MUMBAI, India: India has joined China in saying it will not cut back on oil imports from Iran, despite stiff new U.S. and European sanctions designed to pressure Tehran over its nuclear program.
“It is not possible for India to take any decision to reduce the import from Iran drastically because, after all, the countries which can provide the requirement of the emerging economy, Iran is an important country among them,” India’s finance minister Pranab Mukherjee told reporters Sunday in Chicago.
India and China together accounted for 34 percent of Iran’s oil exports from January to September of 2011 — slightly more than Europe, according to International Energy Agency data.
The move is likely to be seen as a political victory in Iran, but it’s unclear how Chinese and Indian companies will actually be able to pay for Iranian oil without running afoul of the sanctions, analysts said.
“It’s a blow,” said David Hartwell, senior Middle East analyst at IHS Jane’s, adding that Iran may have discounted prices to keep the Chinese and Indians on their side. “If you have two major countries like India and China saying they will not abide by the sanctions, that’s going to keep a vital line open for the Iranians to continue to sidestep the sanctions and get foreign capital.”
He said India and China could just be trying to buy time to diversify their oil supplies and may steer away from Iran, especially if Saudi Arabia — India’s largest source of oil imports — were to ramp up production and offer an attractively priced alternative.
The European Union last week imposed an oil embargo against Iran and froze the assets of its central bank. In December, the U.S. said it would bar financial institutions from the U.S. market if they do business with Iran’s central bank.
India and China are ravenous energy consumers and rely heavily on imported oil. Iranian oil accounts for 9 percent of India’s oil consumption and 6 percent of China’s, according to the latest data from the IEA.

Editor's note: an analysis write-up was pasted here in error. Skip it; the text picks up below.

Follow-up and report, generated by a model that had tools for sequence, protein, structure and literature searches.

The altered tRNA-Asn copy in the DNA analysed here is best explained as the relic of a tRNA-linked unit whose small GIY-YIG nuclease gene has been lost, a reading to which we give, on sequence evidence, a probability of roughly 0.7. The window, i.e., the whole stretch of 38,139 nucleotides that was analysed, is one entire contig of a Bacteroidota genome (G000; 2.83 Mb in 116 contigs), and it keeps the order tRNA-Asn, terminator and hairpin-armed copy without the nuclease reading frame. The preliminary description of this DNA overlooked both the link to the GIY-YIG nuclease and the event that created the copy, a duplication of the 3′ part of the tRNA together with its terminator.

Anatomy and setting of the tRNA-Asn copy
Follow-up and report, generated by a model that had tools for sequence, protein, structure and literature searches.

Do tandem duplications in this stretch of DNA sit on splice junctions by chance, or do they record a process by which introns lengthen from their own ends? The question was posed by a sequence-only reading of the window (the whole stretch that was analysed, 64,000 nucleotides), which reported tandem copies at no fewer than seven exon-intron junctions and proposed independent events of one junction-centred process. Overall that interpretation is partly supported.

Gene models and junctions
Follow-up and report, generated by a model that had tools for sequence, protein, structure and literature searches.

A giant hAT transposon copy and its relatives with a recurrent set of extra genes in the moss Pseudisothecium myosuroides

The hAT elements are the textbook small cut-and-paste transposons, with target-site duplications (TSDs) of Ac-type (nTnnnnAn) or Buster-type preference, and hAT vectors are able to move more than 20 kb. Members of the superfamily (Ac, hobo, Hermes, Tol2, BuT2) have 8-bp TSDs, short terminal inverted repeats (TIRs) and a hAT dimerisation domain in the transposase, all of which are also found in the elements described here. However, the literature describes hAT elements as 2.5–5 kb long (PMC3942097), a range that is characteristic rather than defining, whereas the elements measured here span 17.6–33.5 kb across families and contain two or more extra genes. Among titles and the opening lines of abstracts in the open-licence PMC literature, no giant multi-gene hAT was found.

Iran exports 2.5 million barrels of oil per day, about 3 percent of world supplies. About 500,000 barrels go to Europe and most of the rest goes to China, India, Japan and South Korea.
China has called for negotiations over Iran’s nuclear program. South Korea has been noncommittal about the sanctions, and Japan is seeking an exemption, saying its Iranian oil imports have steadily declined and probably will continue to do so.
Kyodo News agency reported that senior Japanese and U.S. officials on Thursday will hold their second meeting on the sanctions this month.
“I believe it may not be easy to come to a conclusion on this matter in the upcoming discussions,” Foreign Minister Koichiro Gemba said.
Western sanctions could make it harder for India to pay for the oil it gets from Iran. Past sanctions have already delayed payments by Indian oil importers, who have had to scramble to find banks willing to handle transactions with Iran.
India’s central bank governor D. Subbarao said last week that the current payment mechanism was “working fine,” though India was also “exploring other options,” which he declined to discuss.
Indian companies now reportedly route payments through Turkey’s Turkiye Halk Bankasi AS, after EU pressure forced German-based Europaisch-Iranische Handelsbank AG to stop handling the payments last year.
IHS Jane’s energy analyst Catherine Hunter said Turkey is unlikely to shut down that route immediately, noting that Turkish oil refiner Tupras also uses this payment mechanism.
“But this route remains susceptible to external pressure,” she added by email. “India is now discussing rupee based payments and direct trade — however that has a number of drawbacks for Iran given the trade imbalance and restrictions on use. China isn’t publicly discussing options but I imagine other currency payments are also on the cards there.”
The U.S. and its allies believe Iran is using oil revenues to develop nuclear weapons, but Tehran insists its nuclear program is purely for peaceful purposes.